Gabriel Kenne is a PhD Candidate at CENR as of August 2016 studying under Dr. Robin “Buz” Kloot and Dr. Anindya Chanda. He earned a B.S. degree in Biology from the University of Nebraska at Omaha where he focused on molecular genetics, followed by an M.P.H. in Infectious Diseases and Zoonosis from Kansas State University. His early PhD research on fungal molecular biology and toxicology is being applied to a new focus on soil microbiology and soil health. His current research is to better understand what defines a healthy soil and how to promote healthy soils and crops naturally rather than through the use of agricultural chemicals. He is examining the soil microbiome and crop health under various controlled field conditions (such as cover crops, tillage practices, and the use of irrigation water hyperoxygenated with nanobubbles) to determine the best ways to optimize food production to feed a growing global population while decreasing dependencies on synthetic chemicals.
Shibani Kulkarni is a PhD candidate in the Department of Health Promotion, Education, and Behavior. She earned her MPH in Global Health from Emory University. Her current graduate assistantship is with Dr. Daniela Friedman and Dr. Jamie Lead, focused on an NIEHS-funded qualitative study to examine strategies for the communication of environmental risks associated with breast cancer among African-American communities in South Carolina.
Kaleea Lewis is a doctoral candidate in the Health Promotion, Education, and Behavior department. Her academic advisor is Dr. Emily S. Mann. She earned a B.S. degree in Biology from Converse College and a Master of Science in Public Health from the University of South Carolina – Arnold School of Public Health (Health Promotion, Education, and Behavior). Ms. Lewis’ current research interests include racial health inequities, racial justice/equity, and the health ramifications of internalized and institutionalized racism as it relates to the mental health of millennial African Americans. Her current research with Dr. Daniela Friedman and Dr. Jamie Lead is a qualitative study of communication of environmental risks associated with breast cancer among African-American communities in South Carolina.
Samantha McNeal is a PhD student at the CENR and started her research under the guidance of Dr. Mohammad Baalousha in June 2015. She earned her Master’s degree in Public Health from Jiann-Ping Hsu College of Public Health at Georgia Southern University and her Bachelor's degree in Chemistry from Norfolk State University. Her research interests include nanomaterials in addition to other contaminants of emerging concern present in environmental media and the potential risks associated with exposure. Her current project is investigating contaminant levels including nanomaterials, metals, microbial, nutrients, and organics present in urban water runoff and stormwater ponds and their impact on human health and the environment.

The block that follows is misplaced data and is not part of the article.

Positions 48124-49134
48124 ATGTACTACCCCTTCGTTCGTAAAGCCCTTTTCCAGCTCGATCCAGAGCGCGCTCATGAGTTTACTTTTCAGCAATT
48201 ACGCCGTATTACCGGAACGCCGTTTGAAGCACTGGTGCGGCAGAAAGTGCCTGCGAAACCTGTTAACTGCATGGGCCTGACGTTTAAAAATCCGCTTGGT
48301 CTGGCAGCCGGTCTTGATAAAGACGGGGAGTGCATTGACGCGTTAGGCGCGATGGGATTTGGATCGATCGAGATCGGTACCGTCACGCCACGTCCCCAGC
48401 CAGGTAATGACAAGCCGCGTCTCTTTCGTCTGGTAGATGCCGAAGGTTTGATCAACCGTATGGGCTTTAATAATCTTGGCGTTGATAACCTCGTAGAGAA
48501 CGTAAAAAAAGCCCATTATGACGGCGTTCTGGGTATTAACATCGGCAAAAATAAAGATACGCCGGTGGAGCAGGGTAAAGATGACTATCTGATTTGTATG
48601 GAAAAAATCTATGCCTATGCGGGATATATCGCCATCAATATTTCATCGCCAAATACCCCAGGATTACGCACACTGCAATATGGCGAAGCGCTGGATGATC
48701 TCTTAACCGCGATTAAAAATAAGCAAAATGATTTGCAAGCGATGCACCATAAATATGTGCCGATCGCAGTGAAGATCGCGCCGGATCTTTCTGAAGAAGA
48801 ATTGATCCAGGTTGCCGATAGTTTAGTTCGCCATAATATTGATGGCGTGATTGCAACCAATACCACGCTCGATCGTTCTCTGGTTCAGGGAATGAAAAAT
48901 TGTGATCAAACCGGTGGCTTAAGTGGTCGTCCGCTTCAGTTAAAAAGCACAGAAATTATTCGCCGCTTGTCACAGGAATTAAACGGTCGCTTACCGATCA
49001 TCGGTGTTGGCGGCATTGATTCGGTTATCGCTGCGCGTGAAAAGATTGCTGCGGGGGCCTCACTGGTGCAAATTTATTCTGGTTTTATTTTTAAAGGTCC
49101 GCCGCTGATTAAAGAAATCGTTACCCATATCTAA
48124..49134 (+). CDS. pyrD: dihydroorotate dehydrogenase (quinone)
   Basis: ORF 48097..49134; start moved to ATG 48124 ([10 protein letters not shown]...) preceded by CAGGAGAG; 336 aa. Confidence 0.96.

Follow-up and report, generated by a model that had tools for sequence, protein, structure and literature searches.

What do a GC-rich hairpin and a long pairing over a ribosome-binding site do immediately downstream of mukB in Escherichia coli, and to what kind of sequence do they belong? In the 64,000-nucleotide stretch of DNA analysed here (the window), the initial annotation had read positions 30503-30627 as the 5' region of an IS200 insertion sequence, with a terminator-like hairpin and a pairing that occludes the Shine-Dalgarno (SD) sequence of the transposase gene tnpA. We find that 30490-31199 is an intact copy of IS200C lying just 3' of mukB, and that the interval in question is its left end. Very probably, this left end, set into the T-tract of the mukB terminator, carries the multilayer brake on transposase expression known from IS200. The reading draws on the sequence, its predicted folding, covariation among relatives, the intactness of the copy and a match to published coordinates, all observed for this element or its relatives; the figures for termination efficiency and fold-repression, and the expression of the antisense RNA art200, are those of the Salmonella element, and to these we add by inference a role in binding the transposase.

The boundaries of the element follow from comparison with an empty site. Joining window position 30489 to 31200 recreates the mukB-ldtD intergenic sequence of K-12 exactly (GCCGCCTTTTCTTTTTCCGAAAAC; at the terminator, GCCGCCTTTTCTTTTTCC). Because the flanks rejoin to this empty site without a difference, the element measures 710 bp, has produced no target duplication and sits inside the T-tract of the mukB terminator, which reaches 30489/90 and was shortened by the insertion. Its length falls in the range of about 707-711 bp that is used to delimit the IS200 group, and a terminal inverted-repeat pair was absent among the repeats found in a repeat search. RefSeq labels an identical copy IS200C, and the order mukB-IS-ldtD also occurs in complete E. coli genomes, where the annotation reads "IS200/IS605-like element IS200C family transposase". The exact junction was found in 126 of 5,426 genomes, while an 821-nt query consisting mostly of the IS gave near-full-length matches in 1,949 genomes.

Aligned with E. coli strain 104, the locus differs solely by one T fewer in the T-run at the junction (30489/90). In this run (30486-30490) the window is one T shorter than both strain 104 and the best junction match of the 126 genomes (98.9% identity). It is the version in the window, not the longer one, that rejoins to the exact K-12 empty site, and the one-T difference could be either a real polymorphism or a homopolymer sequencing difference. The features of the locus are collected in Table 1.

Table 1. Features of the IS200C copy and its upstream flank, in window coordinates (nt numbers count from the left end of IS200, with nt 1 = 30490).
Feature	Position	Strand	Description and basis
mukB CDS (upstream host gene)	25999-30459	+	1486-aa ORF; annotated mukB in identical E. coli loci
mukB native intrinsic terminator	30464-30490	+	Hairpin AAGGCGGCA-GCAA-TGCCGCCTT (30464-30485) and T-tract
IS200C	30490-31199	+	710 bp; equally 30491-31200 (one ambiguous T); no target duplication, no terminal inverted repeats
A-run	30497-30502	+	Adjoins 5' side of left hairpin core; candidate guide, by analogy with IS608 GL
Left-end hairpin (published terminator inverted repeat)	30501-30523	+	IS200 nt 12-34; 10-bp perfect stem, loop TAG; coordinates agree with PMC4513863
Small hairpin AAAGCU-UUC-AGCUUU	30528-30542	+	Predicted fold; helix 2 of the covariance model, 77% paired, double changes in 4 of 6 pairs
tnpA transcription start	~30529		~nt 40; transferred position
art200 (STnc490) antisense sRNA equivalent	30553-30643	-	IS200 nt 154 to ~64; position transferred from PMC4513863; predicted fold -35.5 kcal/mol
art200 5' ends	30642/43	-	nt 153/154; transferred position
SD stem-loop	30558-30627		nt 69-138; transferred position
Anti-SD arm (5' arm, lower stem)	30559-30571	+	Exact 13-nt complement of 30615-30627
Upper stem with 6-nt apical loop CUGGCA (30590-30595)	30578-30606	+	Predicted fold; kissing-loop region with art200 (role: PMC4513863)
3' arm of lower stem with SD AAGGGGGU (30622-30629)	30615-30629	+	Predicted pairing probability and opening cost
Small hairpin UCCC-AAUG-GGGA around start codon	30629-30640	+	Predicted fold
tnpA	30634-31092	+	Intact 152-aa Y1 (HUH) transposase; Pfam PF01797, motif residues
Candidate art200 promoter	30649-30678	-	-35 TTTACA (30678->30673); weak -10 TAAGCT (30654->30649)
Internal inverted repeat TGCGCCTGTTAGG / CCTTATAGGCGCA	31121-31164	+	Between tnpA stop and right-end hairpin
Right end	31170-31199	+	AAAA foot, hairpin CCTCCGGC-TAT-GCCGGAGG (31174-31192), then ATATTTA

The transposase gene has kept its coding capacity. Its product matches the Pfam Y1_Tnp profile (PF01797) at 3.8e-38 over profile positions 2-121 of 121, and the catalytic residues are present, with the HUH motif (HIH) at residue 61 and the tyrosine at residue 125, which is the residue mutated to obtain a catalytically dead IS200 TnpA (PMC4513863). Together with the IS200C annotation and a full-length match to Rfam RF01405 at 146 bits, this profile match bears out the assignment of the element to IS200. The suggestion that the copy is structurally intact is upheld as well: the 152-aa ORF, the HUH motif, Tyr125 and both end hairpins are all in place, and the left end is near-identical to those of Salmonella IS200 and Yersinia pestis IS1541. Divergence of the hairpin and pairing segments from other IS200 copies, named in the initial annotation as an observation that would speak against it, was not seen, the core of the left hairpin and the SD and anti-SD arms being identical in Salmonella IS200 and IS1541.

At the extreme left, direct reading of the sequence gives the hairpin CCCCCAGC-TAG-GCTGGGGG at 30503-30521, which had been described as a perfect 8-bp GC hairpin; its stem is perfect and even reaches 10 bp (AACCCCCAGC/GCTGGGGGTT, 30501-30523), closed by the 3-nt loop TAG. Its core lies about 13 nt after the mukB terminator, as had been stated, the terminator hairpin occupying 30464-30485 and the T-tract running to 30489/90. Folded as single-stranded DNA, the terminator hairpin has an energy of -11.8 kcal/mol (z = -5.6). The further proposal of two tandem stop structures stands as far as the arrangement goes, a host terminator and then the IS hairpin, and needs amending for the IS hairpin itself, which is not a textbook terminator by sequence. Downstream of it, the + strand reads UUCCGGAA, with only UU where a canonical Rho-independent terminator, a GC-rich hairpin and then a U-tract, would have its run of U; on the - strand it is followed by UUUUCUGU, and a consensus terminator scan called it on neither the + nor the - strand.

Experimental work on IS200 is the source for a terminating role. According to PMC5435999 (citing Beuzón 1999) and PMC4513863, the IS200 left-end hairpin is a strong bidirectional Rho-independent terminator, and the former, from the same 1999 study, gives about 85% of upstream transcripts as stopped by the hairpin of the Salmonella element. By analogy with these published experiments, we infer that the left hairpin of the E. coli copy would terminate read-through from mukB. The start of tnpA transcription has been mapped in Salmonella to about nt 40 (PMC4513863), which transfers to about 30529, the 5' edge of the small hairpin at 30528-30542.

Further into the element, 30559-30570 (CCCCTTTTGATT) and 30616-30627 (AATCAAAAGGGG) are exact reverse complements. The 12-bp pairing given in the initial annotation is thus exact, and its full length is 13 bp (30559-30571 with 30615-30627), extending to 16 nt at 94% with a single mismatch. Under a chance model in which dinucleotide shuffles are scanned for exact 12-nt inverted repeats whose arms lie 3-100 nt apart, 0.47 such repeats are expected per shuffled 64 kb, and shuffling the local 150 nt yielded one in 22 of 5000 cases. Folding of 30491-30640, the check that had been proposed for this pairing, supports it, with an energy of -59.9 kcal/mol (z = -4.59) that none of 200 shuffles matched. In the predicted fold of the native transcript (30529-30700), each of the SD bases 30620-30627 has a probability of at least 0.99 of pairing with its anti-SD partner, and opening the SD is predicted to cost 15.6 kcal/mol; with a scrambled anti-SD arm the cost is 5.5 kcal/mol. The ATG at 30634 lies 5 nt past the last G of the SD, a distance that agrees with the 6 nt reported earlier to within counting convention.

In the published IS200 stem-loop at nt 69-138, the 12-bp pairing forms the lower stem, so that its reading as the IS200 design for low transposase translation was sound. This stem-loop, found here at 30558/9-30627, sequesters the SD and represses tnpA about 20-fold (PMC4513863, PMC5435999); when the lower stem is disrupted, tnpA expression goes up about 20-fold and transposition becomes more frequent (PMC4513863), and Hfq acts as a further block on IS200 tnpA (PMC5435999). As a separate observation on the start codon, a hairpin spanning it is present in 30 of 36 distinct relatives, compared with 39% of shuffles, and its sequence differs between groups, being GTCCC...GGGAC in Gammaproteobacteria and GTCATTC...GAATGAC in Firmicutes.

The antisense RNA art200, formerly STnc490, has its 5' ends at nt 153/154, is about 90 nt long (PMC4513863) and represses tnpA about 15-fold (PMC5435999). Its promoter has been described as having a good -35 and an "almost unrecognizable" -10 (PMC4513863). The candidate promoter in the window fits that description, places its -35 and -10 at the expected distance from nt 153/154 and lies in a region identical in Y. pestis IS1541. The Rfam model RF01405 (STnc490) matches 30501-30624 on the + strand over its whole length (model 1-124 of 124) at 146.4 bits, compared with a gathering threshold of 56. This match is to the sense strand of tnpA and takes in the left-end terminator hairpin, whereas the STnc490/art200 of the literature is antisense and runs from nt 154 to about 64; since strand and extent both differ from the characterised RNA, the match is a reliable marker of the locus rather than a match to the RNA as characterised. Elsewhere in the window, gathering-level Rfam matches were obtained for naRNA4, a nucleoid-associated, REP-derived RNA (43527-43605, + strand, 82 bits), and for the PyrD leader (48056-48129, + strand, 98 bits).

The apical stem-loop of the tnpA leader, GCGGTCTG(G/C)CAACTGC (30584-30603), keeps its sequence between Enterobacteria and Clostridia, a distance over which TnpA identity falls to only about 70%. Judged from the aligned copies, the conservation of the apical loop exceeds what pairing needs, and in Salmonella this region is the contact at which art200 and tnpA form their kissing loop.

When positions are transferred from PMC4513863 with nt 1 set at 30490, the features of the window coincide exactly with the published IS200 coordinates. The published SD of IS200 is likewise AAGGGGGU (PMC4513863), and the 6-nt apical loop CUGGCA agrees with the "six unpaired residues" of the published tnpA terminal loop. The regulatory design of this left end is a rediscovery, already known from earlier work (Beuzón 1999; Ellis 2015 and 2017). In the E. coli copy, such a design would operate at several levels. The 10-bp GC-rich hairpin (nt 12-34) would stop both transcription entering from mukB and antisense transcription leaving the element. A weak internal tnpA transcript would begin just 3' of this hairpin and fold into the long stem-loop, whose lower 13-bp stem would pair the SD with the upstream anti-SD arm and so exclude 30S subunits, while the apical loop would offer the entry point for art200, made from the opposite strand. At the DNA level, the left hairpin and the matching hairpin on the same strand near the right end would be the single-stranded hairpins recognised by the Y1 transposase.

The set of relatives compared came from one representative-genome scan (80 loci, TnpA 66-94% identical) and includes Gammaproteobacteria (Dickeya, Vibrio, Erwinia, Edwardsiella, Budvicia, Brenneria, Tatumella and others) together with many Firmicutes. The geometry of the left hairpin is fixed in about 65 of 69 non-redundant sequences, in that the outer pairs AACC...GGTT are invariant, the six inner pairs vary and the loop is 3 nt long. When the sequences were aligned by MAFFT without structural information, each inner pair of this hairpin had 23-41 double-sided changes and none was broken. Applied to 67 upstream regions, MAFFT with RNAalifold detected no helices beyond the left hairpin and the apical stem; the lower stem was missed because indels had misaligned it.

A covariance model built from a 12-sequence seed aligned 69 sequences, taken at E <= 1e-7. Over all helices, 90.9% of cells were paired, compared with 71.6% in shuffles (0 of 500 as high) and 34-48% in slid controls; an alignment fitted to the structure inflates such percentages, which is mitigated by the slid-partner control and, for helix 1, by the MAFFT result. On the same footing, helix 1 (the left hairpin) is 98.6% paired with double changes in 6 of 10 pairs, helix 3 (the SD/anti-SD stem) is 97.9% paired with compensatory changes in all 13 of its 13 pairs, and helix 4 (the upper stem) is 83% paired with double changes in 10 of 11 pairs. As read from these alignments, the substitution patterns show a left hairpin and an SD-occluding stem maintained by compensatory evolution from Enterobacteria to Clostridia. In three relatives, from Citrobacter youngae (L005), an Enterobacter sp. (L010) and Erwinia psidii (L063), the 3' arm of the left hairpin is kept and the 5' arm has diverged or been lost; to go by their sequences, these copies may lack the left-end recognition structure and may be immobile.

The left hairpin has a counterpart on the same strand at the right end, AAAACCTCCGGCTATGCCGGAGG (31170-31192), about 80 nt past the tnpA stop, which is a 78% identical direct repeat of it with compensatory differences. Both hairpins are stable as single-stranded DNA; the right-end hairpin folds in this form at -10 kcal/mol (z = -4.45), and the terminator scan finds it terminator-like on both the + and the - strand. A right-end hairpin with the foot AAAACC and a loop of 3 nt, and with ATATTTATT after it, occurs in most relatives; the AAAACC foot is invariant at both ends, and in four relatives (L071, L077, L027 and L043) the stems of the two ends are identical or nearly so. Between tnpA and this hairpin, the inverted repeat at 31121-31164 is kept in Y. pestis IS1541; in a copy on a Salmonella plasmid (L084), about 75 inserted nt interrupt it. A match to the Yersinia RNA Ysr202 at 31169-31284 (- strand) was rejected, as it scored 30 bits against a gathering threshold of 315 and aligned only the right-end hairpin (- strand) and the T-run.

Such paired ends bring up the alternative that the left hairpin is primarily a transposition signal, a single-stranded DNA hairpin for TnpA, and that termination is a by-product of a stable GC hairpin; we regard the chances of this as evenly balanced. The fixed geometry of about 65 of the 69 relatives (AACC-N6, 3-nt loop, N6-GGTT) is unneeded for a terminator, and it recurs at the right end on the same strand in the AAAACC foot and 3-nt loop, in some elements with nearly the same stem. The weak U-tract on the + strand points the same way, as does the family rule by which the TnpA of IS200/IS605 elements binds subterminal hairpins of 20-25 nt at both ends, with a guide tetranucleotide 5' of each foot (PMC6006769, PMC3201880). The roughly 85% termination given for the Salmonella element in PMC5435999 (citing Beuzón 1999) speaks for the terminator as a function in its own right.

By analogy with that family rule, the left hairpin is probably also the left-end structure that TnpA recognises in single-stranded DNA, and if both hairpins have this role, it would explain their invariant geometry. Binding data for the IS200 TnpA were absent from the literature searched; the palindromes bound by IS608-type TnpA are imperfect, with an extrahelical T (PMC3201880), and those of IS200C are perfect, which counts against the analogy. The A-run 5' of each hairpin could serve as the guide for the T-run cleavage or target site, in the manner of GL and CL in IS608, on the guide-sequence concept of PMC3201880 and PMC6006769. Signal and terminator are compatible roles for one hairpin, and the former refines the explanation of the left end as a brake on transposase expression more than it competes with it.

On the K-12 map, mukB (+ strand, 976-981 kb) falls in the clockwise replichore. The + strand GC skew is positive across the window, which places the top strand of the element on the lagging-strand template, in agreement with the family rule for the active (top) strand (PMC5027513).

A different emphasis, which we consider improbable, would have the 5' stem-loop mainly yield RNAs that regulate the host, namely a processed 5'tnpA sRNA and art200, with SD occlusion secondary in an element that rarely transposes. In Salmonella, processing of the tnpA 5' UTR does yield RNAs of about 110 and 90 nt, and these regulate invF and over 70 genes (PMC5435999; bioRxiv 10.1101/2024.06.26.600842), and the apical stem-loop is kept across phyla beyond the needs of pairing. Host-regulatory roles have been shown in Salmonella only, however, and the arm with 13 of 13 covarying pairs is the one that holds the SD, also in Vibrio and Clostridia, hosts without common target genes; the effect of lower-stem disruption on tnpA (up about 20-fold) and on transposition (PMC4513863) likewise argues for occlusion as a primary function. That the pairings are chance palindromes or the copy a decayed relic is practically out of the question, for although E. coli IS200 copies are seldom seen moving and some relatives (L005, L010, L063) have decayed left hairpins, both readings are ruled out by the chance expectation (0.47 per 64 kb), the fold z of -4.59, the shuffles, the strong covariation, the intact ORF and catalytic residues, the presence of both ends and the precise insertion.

Seyyedali Mirshahghassemi is a PhD student at the CENR and has working under the supervision of Professor Lead since January 2014. He earned his masters degree in Environmental Engineering at University of Tehran (Iran) in 2013. His research interests are in synthesis and characterization of novel nanoparticles and the study of their potential applications for the environmental remediation techniques. He is also interested in understanding the aggregation behavior of nanomaterials like iron oxide NPs.
Mohammed Othman is a PhD student at the CENR, which he joined on October 2016 and is supervised by Dr Jamie Lead. He earned his Master's degree in Global Environmental Health Sciences from the School of Public Health at Tulane University, New Orleans. His current research interest is in the biodistribution of Silver Nanoparticles (AgNP) in the body using animal models and investigating the uptake processes and response of microbiome to the AgNP.
Sahar Pourhoseini is a PhD student at the CENR and started her research under the supervision of Dr. Jamie Lead in May 2015. She earned her master’s degree in Cellular and Molecular Biology at the Science and Research Branch, Azad University of Tehran. Her current research interest is in the use of isotopically-labeled, three-layer core-shell nanoparticles to investigate the relative importance of ionic and particulate uptake into mammalian models.
Mithun Sikdur is a PhD student at CENR and started his research under the supervision of Drs. Mohammed Baalousha, Jamie Lead and Tom Chandler in January, 2015. He earned his Master’s degree in Environmental Engineering from the University of Nottingham, UK in 2013. His current research interest centers on investigating the effect of metal and metal oxide nanoparticle size dispersity on their properties, uptake and toxicity.